I’m a butt man. That’s right, I said it loud and proud. I am very fond of legs and find the perfectly sized breast a temptation from which I have a hard time turning, but I cannot resist the butt.

Of course I am speaking of the Boston butt. The pork-puller. The part of the pig that fills my tamales, stuffs my barbecue sandwiches and occasionally gets sliced with carrots, potatoes and celery. The Boston butt was long dismissed as a less-desirable piece of meat that, in pre-Revolutionary War New England, was often packed for shipping into barrels called butts, hence the name.

The name Boston butt, therefore, has nothing to do with the anatomy of the pig. It has in turn renamed another part of Porky’s body, steering clear of his hind end and finding its home as the moniker for the upper shoulder nearest his spine. This is called the shoulder butt or blade shoulder, which preferably contains the bone of the region. The lower part of the shoulder is called the arm shoulder or picnic cut. This piece should always feature the bone, as it is the front leg of the pig.

For me the butt is the way to go.

I think I have cooked it using just about every method. The smoker is a great way, low and slow for that rich flavor. I have an old Brinkman that gets fired up from time to time, but recently acquired an electric smoker that should get some action soon. This is the route if you have all day. A 4-pound butt will easily take 7-8 hours holding that 200 F temperature steady. Is it worth it? Yeah, I’d say so, but you will be close to home for a long time should the fire need stoking and so forth.

Grilling is another great smoky option. You could even break that down into subcategories of gas, regular charcoal and lump charcoal like you would use in a Kamado Joe or Big Green Egg. If you are using gas it is best to cook over indirect heat, implementing a smoker box. These beautiful devices impart the smoke flavor from your wood chips of choice in the reusable $12 to $30 range. I’ve never spent more than $15 on one. Take care of it and it’ll last you a good while.

Of course, with charcoal there are hickory- and mesquite-flavored coals. I’m not against it. There are also the pellets that must be wrapped in aluminum foil, the cheaper version of the smoker box. The problem with the grill is the work it takes to keep that low and slow temp regulated. For best results the ceramic grills with lump charcoal work the best.

The Big Green Egg (I don’t have one but have used a friend’s) is the overachiever of grills. For Boston butts that statement still holds true. It’s so easy to keep it at your desired temperature for hours. I have cooked a 4-pounder at 300 F for a few hours and cranked it up at the end. I like the burnt ends and the crispy parts around the exterior of the bone.

The slow cooker is an easy way to reach pulled pork tenderness. Basically you season the butt and toss it in there. For best results you should find a way to lift the butt so it doesn’t cook in the fat drippings. A butt-lift could be a modified cooling rack, a punctured pie tin or wadded up balls of aluminum foil. Any non-melting, non-poisonous kitchen item could keep the fat rendering off of the meat. It’s another low and slow process.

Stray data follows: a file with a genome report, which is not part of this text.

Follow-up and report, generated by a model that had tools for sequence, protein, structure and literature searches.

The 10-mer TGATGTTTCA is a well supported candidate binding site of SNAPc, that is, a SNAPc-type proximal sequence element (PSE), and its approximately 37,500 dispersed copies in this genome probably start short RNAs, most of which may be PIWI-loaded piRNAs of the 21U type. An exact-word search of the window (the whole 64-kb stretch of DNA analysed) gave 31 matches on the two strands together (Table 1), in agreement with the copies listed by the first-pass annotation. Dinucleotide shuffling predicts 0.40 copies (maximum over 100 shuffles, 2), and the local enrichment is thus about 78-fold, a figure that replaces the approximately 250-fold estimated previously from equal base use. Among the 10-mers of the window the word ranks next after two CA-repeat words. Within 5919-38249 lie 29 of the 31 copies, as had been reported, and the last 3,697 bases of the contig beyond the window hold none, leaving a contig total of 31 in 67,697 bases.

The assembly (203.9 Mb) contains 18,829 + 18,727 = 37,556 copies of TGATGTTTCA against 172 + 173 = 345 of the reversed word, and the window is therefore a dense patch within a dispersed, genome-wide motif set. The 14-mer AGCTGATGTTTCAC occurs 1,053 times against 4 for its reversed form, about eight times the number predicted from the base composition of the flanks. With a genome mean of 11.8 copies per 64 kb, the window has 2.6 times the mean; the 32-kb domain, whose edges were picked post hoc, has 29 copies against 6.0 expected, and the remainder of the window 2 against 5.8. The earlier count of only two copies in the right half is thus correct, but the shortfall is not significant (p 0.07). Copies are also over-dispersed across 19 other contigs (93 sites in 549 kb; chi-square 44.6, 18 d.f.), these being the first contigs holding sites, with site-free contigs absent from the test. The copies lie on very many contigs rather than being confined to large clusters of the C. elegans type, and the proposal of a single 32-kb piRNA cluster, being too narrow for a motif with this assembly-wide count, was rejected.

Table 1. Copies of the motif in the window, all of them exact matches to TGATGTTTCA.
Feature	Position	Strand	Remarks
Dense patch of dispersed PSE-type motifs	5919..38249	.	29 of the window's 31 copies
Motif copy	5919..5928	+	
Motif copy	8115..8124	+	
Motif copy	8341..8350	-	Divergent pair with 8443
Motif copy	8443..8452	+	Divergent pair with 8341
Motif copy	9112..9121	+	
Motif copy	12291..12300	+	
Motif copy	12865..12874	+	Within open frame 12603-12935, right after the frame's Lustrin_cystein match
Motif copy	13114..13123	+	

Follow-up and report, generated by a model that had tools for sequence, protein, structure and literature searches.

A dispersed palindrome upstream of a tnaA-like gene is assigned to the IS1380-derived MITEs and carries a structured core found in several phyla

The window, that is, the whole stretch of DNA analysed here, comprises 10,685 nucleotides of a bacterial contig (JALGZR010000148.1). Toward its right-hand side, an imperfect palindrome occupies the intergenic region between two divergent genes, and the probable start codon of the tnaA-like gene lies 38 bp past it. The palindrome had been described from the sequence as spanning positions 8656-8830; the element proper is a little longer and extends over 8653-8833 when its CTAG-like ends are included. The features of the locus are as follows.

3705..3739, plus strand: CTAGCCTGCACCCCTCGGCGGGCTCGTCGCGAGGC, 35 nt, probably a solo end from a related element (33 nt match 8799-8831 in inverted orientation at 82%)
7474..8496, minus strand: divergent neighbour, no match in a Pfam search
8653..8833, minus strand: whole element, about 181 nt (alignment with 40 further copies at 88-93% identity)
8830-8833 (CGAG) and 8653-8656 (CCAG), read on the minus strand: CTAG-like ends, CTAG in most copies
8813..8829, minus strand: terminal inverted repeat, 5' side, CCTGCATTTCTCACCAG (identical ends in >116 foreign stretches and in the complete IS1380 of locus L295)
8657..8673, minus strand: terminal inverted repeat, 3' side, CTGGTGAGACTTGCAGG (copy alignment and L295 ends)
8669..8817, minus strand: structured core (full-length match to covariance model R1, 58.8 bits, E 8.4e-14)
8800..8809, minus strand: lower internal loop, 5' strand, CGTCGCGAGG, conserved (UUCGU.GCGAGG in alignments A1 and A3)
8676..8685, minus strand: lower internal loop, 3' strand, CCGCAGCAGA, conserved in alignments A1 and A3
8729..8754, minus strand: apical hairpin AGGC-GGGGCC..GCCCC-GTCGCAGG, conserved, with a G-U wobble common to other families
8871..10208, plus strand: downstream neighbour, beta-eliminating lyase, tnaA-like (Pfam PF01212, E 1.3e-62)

So, I was in the mood for a nice butt. I picked a smallish one, about 3.6 pounds. But when I got home the rain set in. Hadn’t rained in weeks. Today there was a pretty good shower. Knowing the dodgy weather could delay my start time I canned the idea of the smokers. The boys and I simply fired up the oven.

At 300 F I started my butt burning around 1:15 p.m. This was after a good dry rub at room temperature. Coating every side and edge is key. I set it on a rack in a roasting pan with about an inch of water in the bottom.

You can read up, calculate, regulate and pontificate the best length of time it should cook. Some say 40 minutes per pound, and they are wrong. There is only one way to get it right and that’s with a meat thermometer. If you want a pork butt that is easy to pull then you must reach the magic internal temperature of 190 F You’ll see it get to 180 F and hold for a while. Once it climbs again, get ready to take it off the heat.

At the 180 F point (which is what I was looking for this evening) you’ll have a tender cut of meat that is very sliceable. The fat on the outside will be nice and crispy while the fat on the inside will be succulent. In my oven this took me roughly 4 hours. I needed another 45 minutes or more for pulled pork.

I don’t mean to brag but it was delicious. My almost vegan son tore into it. There was very little left at the end of the evening, and what was left will be gone by the end of breakfast. This was along with mashed potatoes, braised cabbage with green onion sausage, broccoli slaw with homemade dressing, deviled eggs and macadamia nut cookies for dessert. It wasn’t like we were just gorging ourselves on meat. But we couldn’t keep our hands out of it.

The Boston butt is surely one of the most foolproof dinners anyone can make. Just start the oven and cook until the desired temp is reached. The only variable from one to the next is the dry rub. I’ll lend you my tested version below. Simply take it in your hands and rub it all over your butt.

Dry rub ingredients:
½ cup brown sugar
¼ cup salt
1 tsp garlic powder
1 tsp paprika